- Short listing: After the long listing the list of applicants is still very long. In the short listing the challenge is to ensure that the most suitable candidates are invited for a written test. This means that the long list is gone through in more detail and applicants are compared against each other in terms of their qualification and experience. In most cases short listing is done by a panel of staff to ensure fairness. This may add additional time to the process as it takes time to coordinate the panel members’ schedules. Time frame: typically anywhere between one week to many weeks
- Written Test: To not rely on interviews only in some cases applicants are required to pass a written test. Designing, administering, correcting and scoring the test can be a task taking several weeks if the job is complex and applicants are scattered around the world. Time frame: a few days to several weeks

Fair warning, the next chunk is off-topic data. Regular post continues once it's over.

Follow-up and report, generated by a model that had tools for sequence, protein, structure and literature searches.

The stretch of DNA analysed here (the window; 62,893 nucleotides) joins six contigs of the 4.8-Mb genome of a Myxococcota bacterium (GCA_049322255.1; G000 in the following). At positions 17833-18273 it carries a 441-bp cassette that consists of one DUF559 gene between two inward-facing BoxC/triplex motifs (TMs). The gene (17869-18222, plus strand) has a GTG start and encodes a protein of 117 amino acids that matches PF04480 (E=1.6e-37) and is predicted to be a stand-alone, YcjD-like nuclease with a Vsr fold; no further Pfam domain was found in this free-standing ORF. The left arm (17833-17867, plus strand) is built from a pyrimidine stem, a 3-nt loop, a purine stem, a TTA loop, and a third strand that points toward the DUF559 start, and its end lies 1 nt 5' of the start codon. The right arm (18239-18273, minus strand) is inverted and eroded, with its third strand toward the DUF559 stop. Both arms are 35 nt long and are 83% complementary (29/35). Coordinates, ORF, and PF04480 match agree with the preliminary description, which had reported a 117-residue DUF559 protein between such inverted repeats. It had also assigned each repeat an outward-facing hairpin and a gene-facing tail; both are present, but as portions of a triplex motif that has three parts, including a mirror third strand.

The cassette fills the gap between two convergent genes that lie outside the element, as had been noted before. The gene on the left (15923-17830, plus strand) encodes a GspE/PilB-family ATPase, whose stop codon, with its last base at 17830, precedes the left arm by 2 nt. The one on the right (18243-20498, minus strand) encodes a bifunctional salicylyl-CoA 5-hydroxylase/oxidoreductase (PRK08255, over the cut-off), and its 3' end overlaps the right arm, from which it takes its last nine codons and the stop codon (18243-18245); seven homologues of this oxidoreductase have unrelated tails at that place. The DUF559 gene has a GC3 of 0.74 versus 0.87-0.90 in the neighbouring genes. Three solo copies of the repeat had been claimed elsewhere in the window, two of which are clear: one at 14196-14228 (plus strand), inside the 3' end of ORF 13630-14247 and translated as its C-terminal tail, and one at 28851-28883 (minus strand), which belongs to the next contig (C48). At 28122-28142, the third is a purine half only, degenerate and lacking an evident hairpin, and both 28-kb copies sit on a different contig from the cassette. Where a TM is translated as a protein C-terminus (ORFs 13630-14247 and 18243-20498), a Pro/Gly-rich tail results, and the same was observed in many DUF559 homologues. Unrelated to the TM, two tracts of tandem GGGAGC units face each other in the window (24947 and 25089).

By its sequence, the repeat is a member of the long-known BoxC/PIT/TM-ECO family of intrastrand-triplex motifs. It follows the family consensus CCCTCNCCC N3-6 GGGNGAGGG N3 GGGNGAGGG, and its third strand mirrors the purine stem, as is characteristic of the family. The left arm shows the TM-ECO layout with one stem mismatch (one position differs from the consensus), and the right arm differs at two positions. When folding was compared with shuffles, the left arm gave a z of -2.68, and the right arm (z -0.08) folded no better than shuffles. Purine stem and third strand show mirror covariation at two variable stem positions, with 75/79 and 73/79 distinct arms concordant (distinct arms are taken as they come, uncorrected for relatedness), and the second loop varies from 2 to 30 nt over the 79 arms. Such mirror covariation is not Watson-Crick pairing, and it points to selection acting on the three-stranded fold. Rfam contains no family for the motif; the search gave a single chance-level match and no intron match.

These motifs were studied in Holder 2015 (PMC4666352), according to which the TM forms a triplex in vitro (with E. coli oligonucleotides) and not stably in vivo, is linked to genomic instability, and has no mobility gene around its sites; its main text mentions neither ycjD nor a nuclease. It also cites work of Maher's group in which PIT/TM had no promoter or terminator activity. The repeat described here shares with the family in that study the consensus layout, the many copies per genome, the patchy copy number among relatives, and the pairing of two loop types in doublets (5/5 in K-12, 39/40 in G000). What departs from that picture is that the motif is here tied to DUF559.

- Interview: This point is relatively straight forward in terms of what needs to happen. One key challenge is to get all the right people, i.e. all applicants, all panel members into the same time zone and make sure they are reachable i.e. not traveling, being in a location with connectivity etc. Depending on the complexity of the job, several rounds of interviews can be conducted. Time frame: from a day to several weeks